Snow is a rare thing in Cornwall, more so the further south you get. So when it happened, during the visit from The Beast from the East in 2018, we captured it as part of our photography in Falmouth.
When we do see snow we really make the most of it.
As a photographer in Falmouth, and not having seen snow for a very long time, I packed my camera ready as soon as the first hints from the weather reports mentioned it. Readiness is one of the key aspects of photography.
The moment arrives, the first snow flakes start to fall, and I find myself out in an increasingly heavy snow fall. Kit on my back and with more than a little excitement that added a spring to my step.
The snow flakes grew more dense. By the time I reached the docks on Castle Drive, a heavy snow storm was mid flow. Walking around the Pendennis headland, that’s when the thundersnow began.
It was both fun and scary at the same time. I had never seen so much snow before, and no one had ever told me that thunder could happen in snowstorm. Was this a blizzard? How exciting.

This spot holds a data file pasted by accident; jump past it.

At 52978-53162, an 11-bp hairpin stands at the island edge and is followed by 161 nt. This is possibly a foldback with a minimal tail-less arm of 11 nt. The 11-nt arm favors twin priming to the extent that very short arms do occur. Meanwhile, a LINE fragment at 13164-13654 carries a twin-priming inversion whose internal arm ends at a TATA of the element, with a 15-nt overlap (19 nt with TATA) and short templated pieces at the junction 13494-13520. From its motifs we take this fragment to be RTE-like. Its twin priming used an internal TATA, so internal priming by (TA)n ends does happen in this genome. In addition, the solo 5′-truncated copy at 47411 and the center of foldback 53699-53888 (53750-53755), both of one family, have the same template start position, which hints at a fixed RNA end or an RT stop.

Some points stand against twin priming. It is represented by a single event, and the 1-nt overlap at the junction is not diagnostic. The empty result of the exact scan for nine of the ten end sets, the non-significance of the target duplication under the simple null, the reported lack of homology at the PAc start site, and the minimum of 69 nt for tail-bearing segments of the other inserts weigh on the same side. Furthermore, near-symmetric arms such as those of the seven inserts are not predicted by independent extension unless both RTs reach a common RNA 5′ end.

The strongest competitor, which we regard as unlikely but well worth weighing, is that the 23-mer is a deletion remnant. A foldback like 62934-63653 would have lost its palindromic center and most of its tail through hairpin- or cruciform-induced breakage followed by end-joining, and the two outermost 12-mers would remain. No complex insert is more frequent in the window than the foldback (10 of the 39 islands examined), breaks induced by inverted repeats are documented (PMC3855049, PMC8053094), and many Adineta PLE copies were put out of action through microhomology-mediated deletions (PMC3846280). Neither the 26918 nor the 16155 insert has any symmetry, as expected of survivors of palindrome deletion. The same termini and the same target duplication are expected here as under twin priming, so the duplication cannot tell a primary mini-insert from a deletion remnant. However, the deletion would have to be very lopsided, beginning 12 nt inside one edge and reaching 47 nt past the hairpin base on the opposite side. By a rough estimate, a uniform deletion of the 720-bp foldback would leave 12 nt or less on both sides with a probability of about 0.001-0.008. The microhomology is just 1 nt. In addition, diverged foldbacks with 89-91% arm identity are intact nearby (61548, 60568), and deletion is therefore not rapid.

Snow Revellers – Photography in Falmouth
The weather brought its own unique problems. Rain I’m used to (it’s Cornwall, after all) but snow. I had to adopt the penguin walk to stop myself from slipping over while carrying my cameras. Extra care had to be taken to keep the cameras dry. Shelter had to be sought when the temperature got too cold (and by shelter, I mean with a lovely cup of hot chocolate at the cafe on Gyllyngvase Beach).
Over the two snow days, I got to photograph people enjoying the snow. Walking on the beach, swimming in the sea, struggling through blizzard conditions simply because they could. Always, a smile on everyone’s faces as they raised their hands to the sky and the falling snow. The favourite British topic of conversation was ignited.
If you would like to see more of my documentary photography, why not check out my portfolio.